Thinking Verse volume III: Scansion

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Call for Contributions, Thinking Verse vol. III, 'Scansion'.

What does it mean to 'scan' a poem—and what of a poem can be 'scanned'? What should we expect the scansion of a poem to tell us about how the poem sounds and coheres? That is, is scansion normative or descriptive, does it offer an ideal that our reading should strive for, or is it rather concerned with the contingency and plurality of a poem's possible reading performances? Similarly, whilst many models of scansion concern themselves with establishing a poem's metrics, there are other prosodic features—intonation, inflection, cadence—which are also crucial to its sound-world, and whose relation to the metre is complex and, for some, elides all attempts at systematisation. Can a broadened scansion do justice to such features, and if so, how? Much of the most powerful work currently being done in the field confronts these and similar questions, and the third volume of Thinking Verse will probe this issue in detail. We also realise that our approaches to scansion are necessarily conditioned by our own historical moment, both with relation to past poetries and contemporary poetic practice. Does scansion apply solely to metrical poetry, or can it be extended to comprehend free verse, concrete and soundtext poetry, or poetry that employs recording techniques or performance? And should a scansion of, say, a poem by Swinburne, aim to reconstruct and inhabit the ear for which this poem was written, so as to reawaken an attentiveness to prosodic effects which 150 years have served to blot out? Can scansion thus perform a wider historical role in transforming the sensorium?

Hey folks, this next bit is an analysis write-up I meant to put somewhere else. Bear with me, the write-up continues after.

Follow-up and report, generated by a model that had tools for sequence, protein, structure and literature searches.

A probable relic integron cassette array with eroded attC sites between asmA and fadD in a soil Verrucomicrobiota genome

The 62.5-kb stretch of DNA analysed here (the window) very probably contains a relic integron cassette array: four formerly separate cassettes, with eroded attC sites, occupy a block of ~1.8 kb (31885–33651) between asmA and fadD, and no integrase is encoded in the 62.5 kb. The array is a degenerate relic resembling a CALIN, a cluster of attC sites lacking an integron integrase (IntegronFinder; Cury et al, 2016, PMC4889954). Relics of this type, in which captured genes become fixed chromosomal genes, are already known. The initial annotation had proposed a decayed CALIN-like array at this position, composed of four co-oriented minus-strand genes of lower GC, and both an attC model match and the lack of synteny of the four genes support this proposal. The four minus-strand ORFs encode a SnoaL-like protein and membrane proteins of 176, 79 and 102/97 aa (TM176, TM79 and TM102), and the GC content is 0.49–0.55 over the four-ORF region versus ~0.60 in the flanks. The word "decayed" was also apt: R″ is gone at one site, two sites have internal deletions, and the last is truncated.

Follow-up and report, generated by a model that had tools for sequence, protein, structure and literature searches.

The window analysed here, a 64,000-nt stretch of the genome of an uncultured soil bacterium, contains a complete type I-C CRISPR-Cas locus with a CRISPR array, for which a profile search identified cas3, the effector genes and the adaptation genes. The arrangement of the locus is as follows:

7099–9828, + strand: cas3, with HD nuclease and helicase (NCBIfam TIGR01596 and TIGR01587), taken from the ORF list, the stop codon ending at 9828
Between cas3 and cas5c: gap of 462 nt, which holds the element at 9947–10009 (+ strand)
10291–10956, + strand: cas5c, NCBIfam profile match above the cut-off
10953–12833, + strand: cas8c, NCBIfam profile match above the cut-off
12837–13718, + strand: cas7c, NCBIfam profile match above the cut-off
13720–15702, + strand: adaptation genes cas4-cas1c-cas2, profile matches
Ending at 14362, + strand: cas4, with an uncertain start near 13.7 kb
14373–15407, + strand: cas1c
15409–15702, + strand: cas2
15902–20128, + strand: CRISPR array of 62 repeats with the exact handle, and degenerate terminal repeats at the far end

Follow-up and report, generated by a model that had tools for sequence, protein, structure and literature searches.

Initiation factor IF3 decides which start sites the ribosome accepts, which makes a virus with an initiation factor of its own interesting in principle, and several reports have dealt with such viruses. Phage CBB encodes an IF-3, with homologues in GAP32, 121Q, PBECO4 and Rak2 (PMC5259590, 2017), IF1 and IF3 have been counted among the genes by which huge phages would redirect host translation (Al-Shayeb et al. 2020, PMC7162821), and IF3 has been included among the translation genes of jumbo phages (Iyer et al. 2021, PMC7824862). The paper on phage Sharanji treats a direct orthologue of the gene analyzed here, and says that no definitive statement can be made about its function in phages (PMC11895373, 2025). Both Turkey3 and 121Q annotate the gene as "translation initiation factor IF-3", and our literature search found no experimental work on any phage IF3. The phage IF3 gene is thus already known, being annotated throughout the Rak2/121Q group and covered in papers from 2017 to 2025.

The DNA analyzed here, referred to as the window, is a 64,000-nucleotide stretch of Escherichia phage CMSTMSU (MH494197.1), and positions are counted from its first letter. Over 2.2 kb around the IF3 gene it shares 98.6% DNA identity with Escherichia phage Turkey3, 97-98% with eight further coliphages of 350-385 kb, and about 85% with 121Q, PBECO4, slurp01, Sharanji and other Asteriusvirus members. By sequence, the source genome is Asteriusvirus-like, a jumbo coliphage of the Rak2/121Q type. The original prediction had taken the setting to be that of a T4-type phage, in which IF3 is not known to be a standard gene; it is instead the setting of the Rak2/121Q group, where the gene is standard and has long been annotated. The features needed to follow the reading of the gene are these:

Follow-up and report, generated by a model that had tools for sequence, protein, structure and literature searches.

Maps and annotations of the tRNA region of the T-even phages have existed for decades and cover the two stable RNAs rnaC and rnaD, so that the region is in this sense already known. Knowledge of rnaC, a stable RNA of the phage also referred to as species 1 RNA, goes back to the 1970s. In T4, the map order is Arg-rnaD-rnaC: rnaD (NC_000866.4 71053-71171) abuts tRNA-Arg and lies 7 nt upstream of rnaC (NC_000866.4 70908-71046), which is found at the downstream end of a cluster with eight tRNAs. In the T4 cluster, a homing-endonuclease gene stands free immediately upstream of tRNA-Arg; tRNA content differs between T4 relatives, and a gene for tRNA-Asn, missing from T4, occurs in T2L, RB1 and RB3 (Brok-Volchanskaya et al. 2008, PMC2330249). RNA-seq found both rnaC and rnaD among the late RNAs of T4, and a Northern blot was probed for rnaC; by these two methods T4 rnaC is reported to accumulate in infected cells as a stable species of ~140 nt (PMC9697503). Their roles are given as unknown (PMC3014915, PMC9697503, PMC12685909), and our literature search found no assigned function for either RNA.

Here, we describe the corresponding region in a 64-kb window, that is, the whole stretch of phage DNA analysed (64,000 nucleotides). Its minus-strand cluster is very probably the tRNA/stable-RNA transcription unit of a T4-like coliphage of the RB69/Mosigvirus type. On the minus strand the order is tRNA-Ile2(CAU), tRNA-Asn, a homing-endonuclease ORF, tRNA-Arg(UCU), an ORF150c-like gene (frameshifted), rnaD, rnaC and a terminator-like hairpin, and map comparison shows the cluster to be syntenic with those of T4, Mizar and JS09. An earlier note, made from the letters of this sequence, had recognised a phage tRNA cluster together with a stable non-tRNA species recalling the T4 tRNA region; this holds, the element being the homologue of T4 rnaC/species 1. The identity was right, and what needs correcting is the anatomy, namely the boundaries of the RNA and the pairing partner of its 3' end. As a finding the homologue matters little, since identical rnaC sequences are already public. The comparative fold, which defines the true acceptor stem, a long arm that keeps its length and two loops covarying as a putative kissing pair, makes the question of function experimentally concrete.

Topics might include (but are by no means limited to):
- Exhaustive and minute 'scansions' of entire poems.
- Analyses of the philosophical models underpinning systems of scansion.
- Discussions and evaluations of different systems of scansion.
- Histories of scansion.
- Comparisons of systems of scansion between languages and poetries.
- The role of scansion in experimental poetic practice.
- Speculative scansions.
- Debunkings of scansion as a concept, reading practice, institution.

Essays of between 6,000 and 8,000 words should be sent to the editors at thinkingverse [at] gmail [dot] com. The editors will be very happy to respond to any informal queries before then. The deadline for essays is 31 August 2013. See for more details.